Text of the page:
The 38 Biosphere Reserves in Mexico encompass about 51.2% of the country’s protected land. These are intended mostly for research, conservation and regional sustainable development. The 32 Flora and Fauna Protection Areas account for 27.1% of the national protected land, located mostly in areas with a substantial plant or animal richness or where species, subspecies or habitats with a restricted distribution exist. The seven Natural Resource Protection Areas decreed account for 15.3% of the protected land and, last, the four areas decreed as Natural Monuments comprise only 0.1% and include one or several natural elements which, as a result of their unique nature, aesthetic, historical and/or scientific value, warrant their incorporation into an absolute protection regime.
One of the instruments used to formalize conservation strategies and the use of federal natural protected areas is the denominated Management Plan. These instruments, besides including site-related features (e. g. physical, ecological, and cultural characteristics) also include short-, mid- and long-term objectives set for ANPs in relation to scientific research, environmental education and disaster prevention and control, among others. In Mexico, as of October 2008, published management plans were available for 55 ANPs, which accounted for 12.3 million hectares, that is, 53% of the total area under this protection regime.
A substantial number of ANPs are included in the international protected area network. Thirty six Mexican ANPs (one being a state area) are included within the UNESCO Man and the Biosphere Program (MAB), created to promote scientific research and communication of experiences in conservation and rational use of natural resources. Separately, 49 wetlands of Ramsar Importance are included in protected natural areas in Mexico (CONANP, 2008). To this respect, the Ramsar Convention serves as framework for local and international cooperation aimed at the conservation and rational use of wetlands and their resources. For further information on Mexico’s wetlands in the Ramsar Convention, refer to the Water and Terrestrial Ecosystems chapters.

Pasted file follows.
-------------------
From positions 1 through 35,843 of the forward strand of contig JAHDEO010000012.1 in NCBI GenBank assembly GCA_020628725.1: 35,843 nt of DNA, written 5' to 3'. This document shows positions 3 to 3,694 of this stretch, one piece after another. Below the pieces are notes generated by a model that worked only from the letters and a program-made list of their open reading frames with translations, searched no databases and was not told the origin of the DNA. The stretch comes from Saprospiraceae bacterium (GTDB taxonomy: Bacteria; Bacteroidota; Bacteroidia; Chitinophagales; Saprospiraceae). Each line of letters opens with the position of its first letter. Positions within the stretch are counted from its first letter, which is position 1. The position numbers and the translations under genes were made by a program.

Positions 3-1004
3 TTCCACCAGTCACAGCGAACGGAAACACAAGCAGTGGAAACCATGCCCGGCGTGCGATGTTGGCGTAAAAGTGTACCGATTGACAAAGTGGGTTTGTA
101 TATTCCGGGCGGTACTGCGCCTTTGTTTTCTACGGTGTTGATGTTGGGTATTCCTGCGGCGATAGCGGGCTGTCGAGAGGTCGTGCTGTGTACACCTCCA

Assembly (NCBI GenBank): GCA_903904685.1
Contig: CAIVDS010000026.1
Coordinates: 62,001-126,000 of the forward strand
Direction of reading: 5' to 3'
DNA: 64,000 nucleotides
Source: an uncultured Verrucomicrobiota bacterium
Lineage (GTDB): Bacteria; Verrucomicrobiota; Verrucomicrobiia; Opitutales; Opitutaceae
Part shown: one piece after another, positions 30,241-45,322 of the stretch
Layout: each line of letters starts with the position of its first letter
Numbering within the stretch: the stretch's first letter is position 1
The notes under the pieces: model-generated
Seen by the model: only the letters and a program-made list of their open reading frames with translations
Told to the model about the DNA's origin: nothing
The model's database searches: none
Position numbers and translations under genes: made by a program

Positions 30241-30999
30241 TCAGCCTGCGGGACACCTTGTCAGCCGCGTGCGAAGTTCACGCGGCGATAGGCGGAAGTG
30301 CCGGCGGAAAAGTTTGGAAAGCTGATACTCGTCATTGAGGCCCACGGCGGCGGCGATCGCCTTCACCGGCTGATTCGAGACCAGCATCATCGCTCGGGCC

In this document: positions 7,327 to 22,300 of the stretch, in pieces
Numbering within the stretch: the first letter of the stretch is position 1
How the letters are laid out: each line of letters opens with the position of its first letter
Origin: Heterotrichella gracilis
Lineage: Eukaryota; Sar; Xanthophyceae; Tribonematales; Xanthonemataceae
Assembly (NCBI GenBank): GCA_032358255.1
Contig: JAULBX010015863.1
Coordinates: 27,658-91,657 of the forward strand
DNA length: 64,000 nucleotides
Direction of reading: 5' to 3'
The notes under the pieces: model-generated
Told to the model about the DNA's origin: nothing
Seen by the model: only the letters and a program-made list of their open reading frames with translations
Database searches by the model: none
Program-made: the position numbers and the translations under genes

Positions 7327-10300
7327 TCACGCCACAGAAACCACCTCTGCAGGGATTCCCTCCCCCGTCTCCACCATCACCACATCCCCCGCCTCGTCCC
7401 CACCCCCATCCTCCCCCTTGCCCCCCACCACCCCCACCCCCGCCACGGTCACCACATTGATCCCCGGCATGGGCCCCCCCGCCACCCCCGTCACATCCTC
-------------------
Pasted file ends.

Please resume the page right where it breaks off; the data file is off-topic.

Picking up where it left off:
System of Management Units for Wildlife Conservation
The System of Management Units for Wildlife Conservation (SUMA in Spanish) was created in 1997 aimed at contributing to promote biodiversity conservation while addressing the production and socioeconomical development needs in the rural sector. Its overall objective is the conservation of natural habitats and environmental services, wildlife populations and specimens, for the restoration, protection, maintenance, recovery, reproduction, repopulation, reintroduction, research, rescue, guarding, rehabilitation, exhibition, environmental education and sustainable use.
SUMA is integrated by all pieces of land denominated Umas; this can be either private, communal or “ejidal”) registered in the System and in which only conservation or conservation plus sustainable use are carried out. Additionally, federal land can also be incorporated to SUMA, including national goods dedicated or licensed according to the regulations in these matters, aimed at conservation or sustainable use.